It is thought that the traditional way of delivering news, through print journalism, is in crisis. The next ten years are predicted to be bad for newspapers according to Barry Parr of Jupiter Research after there has already been a 19% decreased in the amount of British adults reading newspapers between 1992 and 2006 (HoL 2008:11) as well as a decrease in the amount of news watched on television. This is due to the fact that the younger audience are more likely to use the internet to find out news, as news is easily accessible via social networking and news pages on the internet which has grown in recent years.
Due to the reliance on revenue within newspapers there is a growing concern for two sources:
- the final consumers – people who buy the print journalism will not be spending money on the newspapers to make a profit
- the advertisers – due to the fact no one is buying the newspapers no press can be shown in advertising, therefore a drop in their sales also.
However, luckily for advertisers the internet makes it easy to connect to the public directly, possibly breaking the link between advertising and editorial boundaries. But due to the degeneration of the existing news business model, Max Alexander, former director of Trinity Mirror, says that news organisations must ‘recreate the business in the light of the challenge of the internet’ in order to remain relevant in the digital future.
Yet some media organisations are uncertain about how to approach online activity and have ended up cost cutting and increasing productivity, meaning that many journalists are multi skilling and working to two deadlines – again coming back to the idea of ‘churnalism’. In my opinion to boost internet popularity for a news organisation it is essential to employ extra staff to ‘restructure’ the way in which the company works. This also gives the chance for diversification, something which worked well for the Daily Mail, however it does create a problem in that journalists forget their main aim which is to write ‘hard’ news, not just what the public want to know but what they need to know.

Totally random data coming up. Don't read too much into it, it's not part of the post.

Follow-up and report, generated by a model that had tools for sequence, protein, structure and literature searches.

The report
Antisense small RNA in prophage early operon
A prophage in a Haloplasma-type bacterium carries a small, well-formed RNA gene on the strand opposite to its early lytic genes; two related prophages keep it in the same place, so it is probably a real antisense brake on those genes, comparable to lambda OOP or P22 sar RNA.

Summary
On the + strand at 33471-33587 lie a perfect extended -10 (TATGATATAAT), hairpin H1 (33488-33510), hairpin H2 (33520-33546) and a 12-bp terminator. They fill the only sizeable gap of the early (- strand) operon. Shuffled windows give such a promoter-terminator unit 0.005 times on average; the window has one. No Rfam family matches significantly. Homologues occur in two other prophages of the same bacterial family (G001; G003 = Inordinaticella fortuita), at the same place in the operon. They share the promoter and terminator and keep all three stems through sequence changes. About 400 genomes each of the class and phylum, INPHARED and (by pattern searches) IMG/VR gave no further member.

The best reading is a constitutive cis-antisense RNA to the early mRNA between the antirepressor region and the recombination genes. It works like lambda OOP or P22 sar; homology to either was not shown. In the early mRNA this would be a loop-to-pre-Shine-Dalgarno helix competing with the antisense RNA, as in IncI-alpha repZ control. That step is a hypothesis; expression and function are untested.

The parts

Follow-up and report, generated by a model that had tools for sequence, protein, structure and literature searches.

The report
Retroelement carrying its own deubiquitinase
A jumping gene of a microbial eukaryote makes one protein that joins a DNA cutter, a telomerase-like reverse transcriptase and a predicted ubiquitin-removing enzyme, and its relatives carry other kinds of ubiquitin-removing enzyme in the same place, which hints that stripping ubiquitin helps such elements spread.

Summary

News organisations need to invest in original journalism, and granted the internet presents a genuine challenge. But news providers need to stick to their prime source of value ‘to act as trusted advisors to which people turn to gain orientation, reflection and direction.’ (Picard, 2006, 135)
- Comeforo, K (2010) Review of Herman and Chomsky’s ‘Manufacturing consent: the Political economy of the mass media’
- Freedman, D (2010), The Political Economy of the ‘New’ News Environment – New Media, Old News.
- Long, P and Wall, T (2012) Chapter 5, Media texts, production and context.